We have seen the pandemic accelerate families’ interests in updating their estate/succession planning, inclusive of business operating agreements.

For instance, one family that we started working with late last year came to us with plans that were over a decade old. The documents were grossly out of line with their current intentions and objectives, and named fiduciaries that they were no longer even in contact with. They are now thankful that we have updated their entire suite of estate planning documents, especially considering their children are now adults who have become capable of making important decisions during trying times such as this pandemic.

We have been extremely proactive in working with our clients to update their plans so that transitions will be seamless in difficult times. Even though some families are more hesitant to talk about succession planning, we place a high degree of importance on ensuring plans are well drafted and reviewed regularly. We make sure we are thinking of all potential scenarios and preparing for every contingency.

Are family principals adding new conditions before they transfer wealth and control?

Generally, we typically advise that multigenerational vehicles provide fiduciaries sole and absolute discretion for a variety of tax and non-tax reasons, although we also build in allowance for family/beneficiary participation. During times of extreme volatility where asset prices can artificially take huge hits to the downside, having experienced fiduciaries oversee assets becomes all the more mission critical and prudent.

For example, whenever we go through a period of extreme market volatility, the average investor becomes extremely nervous no matter how big their balance sheet. Their tendency is to move everything to cash and government securities, usually at market bottoms that result in permanent loss of capital. It is times like these where prudent investment management and detailed investment policies for all family office portfolios provide the necessary protection—but only if strategic plans are adhered to. This usually involves the oversight of professional fiduciaries.

Do principals believe their next-generation is ready for that transfer or responsibility or are they opting for non-family succession, perhaps for a set timeframe?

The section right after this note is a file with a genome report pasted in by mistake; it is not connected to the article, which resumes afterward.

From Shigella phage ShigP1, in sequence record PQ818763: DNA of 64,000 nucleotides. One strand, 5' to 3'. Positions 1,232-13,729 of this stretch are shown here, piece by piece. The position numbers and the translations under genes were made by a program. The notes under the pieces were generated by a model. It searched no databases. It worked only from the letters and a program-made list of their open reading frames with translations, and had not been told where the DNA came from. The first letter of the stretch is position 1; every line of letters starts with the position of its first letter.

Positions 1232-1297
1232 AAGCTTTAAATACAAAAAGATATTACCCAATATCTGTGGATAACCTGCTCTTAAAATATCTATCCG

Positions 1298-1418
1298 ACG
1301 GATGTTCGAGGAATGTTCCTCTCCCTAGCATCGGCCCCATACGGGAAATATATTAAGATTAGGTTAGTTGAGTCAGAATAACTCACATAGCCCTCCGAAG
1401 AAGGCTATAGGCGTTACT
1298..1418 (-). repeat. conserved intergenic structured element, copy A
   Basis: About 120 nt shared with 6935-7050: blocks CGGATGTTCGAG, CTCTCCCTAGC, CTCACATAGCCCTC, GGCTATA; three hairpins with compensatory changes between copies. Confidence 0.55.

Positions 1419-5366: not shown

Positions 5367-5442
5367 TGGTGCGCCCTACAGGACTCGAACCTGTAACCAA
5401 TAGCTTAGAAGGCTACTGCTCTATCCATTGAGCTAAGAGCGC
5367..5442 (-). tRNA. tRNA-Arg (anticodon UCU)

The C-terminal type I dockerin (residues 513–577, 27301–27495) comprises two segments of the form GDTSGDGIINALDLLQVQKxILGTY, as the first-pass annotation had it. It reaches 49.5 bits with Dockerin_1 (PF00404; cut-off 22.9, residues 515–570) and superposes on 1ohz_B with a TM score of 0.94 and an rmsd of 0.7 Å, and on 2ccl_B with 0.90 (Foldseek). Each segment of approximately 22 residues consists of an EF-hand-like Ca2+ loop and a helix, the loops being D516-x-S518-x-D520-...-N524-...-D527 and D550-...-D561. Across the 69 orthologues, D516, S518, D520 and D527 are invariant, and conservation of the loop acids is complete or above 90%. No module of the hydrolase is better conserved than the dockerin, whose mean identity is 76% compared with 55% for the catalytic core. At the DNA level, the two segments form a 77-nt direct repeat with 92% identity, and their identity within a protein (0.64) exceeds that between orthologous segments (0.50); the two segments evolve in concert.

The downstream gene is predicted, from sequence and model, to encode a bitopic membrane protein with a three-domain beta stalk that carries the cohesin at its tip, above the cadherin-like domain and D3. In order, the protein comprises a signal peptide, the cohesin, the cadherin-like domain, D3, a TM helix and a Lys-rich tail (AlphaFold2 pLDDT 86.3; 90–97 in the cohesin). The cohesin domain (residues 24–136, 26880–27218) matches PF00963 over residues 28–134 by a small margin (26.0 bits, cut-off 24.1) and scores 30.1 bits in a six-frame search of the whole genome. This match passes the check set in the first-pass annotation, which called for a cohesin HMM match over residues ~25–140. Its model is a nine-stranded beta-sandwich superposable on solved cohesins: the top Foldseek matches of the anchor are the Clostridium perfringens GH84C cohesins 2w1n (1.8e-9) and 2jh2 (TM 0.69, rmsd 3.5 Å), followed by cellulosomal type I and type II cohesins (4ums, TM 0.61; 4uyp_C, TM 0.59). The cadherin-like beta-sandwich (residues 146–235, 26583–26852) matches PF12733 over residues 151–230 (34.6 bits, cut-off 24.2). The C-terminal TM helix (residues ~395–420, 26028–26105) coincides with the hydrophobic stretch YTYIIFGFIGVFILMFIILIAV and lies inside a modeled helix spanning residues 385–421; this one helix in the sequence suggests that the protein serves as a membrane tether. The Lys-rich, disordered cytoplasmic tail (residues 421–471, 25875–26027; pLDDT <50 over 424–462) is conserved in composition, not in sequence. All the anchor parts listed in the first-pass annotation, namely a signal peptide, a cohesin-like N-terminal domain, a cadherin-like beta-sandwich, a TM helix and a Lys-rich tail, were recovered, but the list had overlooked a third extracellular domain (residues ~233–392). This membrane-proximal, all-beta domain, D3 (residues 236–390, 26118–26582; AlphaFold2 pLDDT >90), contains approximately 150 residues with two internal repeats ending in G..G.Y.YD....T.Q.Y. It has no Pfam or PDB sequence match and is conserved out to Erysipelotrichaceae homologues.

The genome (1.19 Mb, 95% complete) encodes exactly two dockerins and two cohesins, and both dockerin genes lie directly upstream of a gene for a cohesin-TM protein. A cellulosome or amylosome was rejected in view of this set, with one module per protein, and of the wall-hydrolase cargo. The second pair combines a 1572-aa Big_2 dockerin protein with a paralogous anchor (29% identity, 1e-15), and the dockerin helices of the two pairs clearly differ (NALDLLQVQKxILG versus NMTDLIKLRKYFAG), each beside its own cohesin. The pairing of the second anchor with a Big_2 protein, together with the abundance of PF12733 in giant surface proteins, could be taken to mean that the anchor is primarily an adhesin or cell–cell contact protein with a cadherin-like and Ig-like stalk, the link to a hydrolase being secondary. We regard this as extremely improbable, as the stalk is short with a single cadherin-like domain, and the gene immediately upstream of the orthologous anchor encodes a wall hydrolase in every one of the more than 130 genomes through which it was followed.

This is highly client dependent. We encourage our clients to prepare their children from a young age to understand the privileges and responsibilities of wealth by introducing them to family governance programs anchored to core values and building on these programs gradually as they age and mature.

But decisions about how and when to transfer responsibility—for either family wealth, including family-owned businesses—are dependent on a number of factors, including the core beliefs of the principals and the capabilities of the next generation.

Most of our families prefer to structure assets in trusts for their beneficiaries so that there are more detailed guidelines and protections in place to serve as guardrails for inheritance, wealth ownership and oversight by professional fiduciaries as we stated above. This might even include instructions for managing assets, including family businesses, so that matriarchs/patriarchs can feel at ease that critical decisions are made with prudence, while not governing “from the grave” to allow for flexibility and good timely business judgment.

What is your biggest takeaway about UHNW family succession planning during the pandemic?

This pandemic has accentuated the need to implement holistic, multigenerational wealth structuring plans that are highly integrated with the investment management functions.

It proves that you must expect the unexpected and have a well-designed plan in place to act effectively and efficiently if the unexpected does occur. Even families that already have what we call the “Phase One” foundational documents in place, those documents are not as effective if an overall plan was not previously contemplated and implemented, especially if a matriarch or patriarch is lying in bed incapacitated and unable to make financial decisions. Their assets can lay in ruin during market turbulence, with little that can be accomplished by their heirs.

When a family owns more complex assets and as the value and complexity of the balance sheet grows, this holistic approach becomes even more critical. For example, different types of real estate or closely held businesses have their own complex issues. Whether you’re leasing, financing or selling during this pandemic and these transactions fall through, you must have a plan for dealing with all the different scenarios/contingencies and fiduciaries that can handle these situations at all times.

Dealing with expensive artwork is another random example of something that could be impacted. If selling that artwork was part of a succession plan and it was on consignment at a local art gallery, for example, what happens to that asset when a hundred-year pandemic forces the gallery to close its doors and ultimately declare bankruptcy? You better have read the fine print and planned for this or esoteric assets such as fine art can disappear quite quickly.

While situations like these might seem remote, no one ever thought we’d be in the situation we’re currently in where the entire world has literally shut down for a prolonged period of time. And again, this is why ultra-high net worth families need an integrated approach that can address all the variables and contingencies associated with all their different assets and the complex interactions between them. Within this context, a fully integrated family office solution is exactly “what the doctor ordered.”